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assignment 5: aperture, depth of field & bokeh

Target: Learn to manipulate the depth of field in your images by choosing the appropriate lens and adjusting the aperture settings on a digital camera.  Creatively choose your focus point, not necessarily the center or closest object.


Directions:  Take images which demonstrate your understanding of aperture settings and depth of field. 


Turn in 4 examples of shallow depth of field with thoughtfully considered bokeh. 

  • set your shooting mode to Av or M

  • use a prime lens or zoom lens in full zoom

  • use the wheel on the camera to decrease your aperture settings (f-stop)

  • consider your composition, making thoughtful decisions about the arrangement of subject matter, balance, lack distractions, and general feeling of the image

  • place yourself and your subject with light in the background some distance away from the subject.

     (city lights, sunset through trees, reflected light, Christmas lights, etc.)



  • portraits and macros make great subject matter for a shallow depth of field

  • focus on creativity (try unusual combinations, tell a story, solve problems, create something unique)

  • the more actual depth you have in your view the more you will be able to manipulate it

  • lights, backlight, reflected light - makes for lovely bokeh



Aperture is the opening between the lens and the shutter that controls the amount of light falling on the CCD sensor.  It is also referred to as f-stops.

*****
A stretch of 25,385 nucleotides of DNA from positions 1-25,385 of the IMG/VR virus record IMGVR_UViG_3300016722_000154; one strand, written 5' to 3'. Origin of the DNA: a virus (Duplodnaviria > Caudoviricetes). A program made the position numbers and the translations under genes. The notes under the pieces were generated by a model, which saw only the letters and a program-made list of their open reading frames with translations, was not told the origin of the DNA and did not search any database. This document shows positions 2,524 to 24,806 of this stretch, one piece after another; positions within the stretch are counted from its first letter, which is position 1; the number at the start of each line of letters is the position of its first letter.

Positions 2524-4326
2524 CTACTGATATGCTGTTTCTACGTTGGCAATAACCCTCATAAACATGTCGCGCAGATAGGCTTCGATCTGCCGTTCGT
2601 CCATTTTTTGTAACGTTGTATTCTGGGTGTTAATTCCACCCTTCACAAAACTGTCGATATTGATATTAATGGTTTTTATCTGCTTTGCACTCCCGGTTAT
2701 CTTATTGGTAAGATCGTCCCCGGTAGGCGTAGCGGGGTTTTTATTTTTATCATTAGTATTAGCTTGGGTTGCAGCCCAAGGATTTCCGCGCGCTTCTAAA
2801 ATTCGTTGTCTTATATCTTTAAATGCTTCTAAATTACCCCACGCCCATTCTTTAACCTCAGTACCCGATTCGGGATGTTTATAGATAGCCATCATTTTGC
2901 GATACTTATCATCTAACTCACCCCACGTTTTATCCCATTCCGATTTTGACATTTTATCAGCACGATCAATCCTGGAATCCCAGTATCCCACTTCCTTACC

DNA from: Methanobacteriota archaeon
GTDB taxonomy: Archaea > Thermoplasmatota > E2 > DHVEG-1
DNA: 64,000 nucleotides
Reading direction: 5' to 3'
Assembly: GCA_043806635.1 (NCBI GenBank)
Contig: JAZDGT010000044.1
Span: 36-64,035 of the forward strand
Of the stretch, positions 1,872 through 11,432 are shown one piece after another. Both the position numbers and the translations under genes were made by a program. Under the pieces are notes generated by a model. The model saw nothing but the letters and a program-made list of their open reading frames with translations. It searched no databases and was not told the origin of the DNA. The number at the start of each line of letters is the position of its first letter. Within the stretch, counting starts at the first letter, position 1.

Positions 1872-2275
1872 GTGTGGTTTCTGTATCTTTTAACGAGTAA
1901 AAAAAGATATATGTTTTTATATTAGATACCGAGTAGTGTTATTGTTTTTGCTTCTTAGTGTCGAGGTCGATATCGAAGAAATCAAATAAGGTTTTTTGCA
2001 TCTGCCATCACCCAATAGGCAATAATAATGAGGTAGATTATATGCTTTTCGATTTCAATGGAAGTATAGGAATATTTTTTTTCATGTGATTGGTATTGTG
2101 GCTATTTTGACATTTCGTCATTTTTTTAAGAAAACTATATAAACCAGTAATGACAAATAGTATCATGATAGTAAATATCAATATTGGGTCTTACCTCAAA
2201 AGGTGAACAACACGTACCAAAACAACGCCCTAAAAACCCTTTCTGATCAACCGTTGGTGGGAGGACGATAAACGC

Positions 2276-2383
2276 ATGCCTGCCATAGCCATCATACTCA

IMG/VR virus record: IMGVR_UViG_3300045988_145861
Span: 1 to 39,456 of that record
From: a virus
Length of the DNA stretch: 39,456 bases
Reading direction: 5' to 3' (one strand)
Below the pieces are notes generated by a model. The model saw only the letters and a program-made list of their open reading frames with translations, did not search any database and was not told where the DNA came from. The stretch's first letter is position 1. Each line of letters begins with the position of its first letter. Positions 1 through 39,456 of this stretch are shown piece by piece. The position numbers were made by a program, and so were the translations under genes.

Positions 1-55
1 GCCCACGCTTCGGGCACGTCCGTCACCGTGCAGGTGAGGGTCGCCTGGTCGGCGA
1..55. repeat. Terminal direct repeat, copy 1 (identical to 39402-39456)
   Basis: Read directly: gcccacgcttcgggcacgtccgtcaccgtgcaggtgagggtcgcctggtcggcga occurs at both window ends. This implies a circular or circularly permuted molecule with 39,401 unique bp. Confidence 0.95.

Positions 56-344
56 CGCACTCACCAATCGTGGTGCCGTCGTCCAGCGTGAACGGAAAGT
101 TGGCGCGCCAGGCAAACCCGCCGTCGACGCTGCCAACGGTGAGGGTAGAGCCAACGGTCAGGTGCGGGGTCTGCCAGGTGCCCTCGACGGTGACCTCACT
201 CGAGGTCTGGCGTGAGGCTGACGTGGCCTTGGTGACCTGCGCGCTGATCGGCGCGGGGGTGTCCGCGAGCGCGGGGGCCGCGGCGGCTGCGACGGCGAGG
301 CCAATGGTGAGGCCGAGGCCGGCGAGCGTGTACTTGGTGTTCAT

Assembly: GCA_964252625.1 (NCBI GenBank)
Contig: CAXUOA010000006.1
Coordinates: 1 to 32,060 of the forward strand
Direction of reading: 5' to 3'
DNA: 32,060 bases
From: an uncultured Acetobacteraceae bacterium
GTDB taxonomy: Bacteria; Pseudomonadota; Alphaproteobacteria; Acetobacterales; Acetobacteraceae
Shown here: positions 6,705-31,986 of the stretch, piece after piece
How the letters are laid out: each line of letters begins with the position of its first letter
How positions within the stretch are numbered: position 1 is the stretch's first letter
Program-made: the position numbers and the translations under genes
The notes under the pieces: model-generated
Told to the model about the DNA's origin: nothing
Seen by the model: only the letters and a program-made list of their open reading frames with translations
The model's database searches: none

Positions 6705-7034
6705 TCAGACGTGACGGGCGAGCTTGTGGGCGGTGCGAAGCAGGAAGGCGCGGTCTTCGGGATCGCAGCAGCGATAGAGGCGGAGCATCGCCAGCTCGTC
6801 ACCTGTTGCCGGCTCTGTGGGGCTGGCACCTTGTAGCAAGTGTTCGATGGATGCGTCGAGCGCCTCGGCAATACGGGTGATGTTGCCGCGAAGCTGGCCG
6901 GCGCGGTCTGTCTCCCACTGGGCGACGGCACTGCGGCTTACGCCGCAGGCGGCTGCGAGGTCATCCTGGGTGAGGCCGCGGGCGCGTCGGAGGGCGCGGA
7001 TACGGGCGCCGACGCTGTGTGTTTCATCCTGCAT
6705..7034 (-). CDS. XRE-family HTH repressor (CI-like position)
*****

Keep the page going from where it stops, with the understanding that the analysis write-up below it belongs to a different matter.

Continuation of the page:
Depth of Field is the zone between the nearest and furthest pointsat which the camera can obtain a sharp focus.


Shallow Depth of Field= large aperture, small f-stop (daylight will require a fast shutter speed so that it won't be washed out)                

Maximum Depth of Field= small aperture, large f-stop (will require a slower shutter speed so it won't be too dark)



Macro Photography is extreme close-up photography, usually of small subjects, in which the size of the subject in the photograph is greater than live size. 


                      Use the Macro function to achieve a shallow depth of field by choosing aperture priority and macro on your camera.  Make sure that you are in good 

                      lighting and get very close to your subject.




Bokeh is defined as “the effect of a soft out-of-focus background that you get when shooting a subject, using a fast lens, at the widest aperture, such as f/2.8 or wider.” Simply put, bokeh is the pleasing or aesthetic quality of out-of-focus blur in a photograph.




lightroom skills

For every image remember to use LR to:

  • Adjust the color tones, brightness, contrast, shadows, highlights, saturation & luminance

  • Crop and straighten images

  • Set the resolution to 300 dpi & limit file size to 15000 k for export

Define your personal editing voice with:

  • Use the brush tool to make adjustments to select areas of the image​

  • Use the HSL (Hue, Saturation, Luminance) panel to make individualized color adjustments​

  • Use the split toning panel to adjust shadows and highlights independently​

  • Use the brush tool to do selective edits

Student Examples

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